Project NERO: An Experiment in Technology Transfer
The University of Texas at Austin
Digital Media Collaboratory/Innovation Creativity and Capital Institute
Neuroevolution Group/Department of Computer Sciences
In August 2003 the Digital Media Collaboratory (DMC) of the
Innovation Creativity and Capital Institute (IC2) at the
University of Texas held its second annual GameDev conference.
The focus of the 2003 conference was artificial intelligence, and
consequently the DMC invited several Ph.D. students from the
Neuroevolution Group at the University's Department of
Computer Science (UTCS) to make presentations on state-of-the-art
academic AI research with potential game applications.
The GameDev conference also held break-out sessions where
groups brainstormed ideas for innovative games, and in one of the
sessions Ken Stanley proposed an idea for a game based on a real-time
variant of his previously published NEAT learning algorithm.
On the basis of Ken's proposal the DMC/IC2 resolved to staff and
fund a project to create a professional-quality demo of the game.
(See production credits.)
The resulting NERO project started in October 2003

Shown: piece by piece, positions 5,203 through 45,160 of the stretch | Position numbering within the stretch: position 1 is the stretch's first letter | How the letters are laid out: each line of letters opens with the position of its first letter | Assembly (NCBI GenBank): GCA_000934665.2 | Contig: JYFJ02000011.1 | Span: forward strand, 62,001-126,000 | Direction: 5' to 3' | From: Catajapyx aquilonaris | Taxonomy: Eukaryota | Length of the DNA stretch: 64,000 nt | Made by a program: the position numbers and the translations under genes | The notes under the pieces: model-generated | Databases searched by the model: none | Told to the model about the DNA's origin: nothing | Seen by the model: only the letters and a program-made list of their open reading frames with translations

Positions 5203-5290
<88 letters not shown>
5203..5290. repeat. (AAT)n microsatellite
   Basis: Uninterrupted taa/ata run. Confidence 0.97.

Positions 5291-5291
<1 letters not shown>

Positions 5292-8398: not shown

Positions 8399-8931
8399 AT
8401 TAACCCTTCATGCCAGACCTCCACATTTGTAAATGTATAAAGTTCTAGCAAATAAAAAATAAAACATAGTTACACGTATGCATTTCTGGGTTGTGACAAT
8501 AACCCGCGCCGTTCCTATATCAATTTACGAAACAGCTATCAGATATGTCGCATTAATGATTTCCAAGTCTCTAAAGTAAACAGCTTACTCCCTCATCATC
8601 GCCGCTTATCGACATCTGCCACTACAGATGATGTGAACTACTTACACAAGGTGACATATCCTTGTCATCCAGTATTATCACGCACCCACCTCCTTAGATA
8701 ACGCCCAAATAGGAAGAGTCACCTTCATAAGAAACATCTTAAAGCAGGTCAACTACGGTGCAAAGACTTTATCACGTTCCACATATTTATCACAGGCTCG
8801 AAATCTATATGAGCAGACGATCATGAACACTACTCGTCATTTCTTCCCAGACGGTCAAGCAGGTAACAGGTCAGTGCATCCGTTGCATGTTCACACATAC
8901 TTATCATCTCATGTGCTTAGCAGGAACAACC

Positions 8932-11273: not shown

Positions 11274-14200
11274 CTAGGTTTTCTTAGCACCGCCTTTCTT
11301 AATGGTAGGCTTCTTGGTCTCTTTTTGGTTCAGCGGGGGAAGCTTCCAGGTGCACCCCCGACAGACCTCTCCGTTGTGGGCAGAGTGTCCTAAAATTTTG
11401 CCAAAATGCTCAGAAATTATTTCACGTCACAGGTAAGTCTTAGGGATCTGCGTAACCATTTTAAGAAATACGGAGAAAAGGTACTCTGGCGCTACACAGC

and has continued through the present, generating several spin-off
research projects in its wake.
As a result of the project we have imported the latest in AI research
from the UTCS Neuroevolution Group into a commercial game engine,
providing the DMC with a case study in technology transfer and a polished
demo of an entertaining game.
The NERO Game|
Our novel experimental game is called NERO, which stands for
Neuro-Evolving Robotic Operatives.
It is set in a fictional post-apocalyptic world, where robots struggle
over the relics of human civilization.
Although it resembles some RTS games,
unlike most RTS games NERO consists of two distinct phases of play.
In the first phase individual players deploy robots in a 'sandbox' and
train them to the desired tactical doctrine.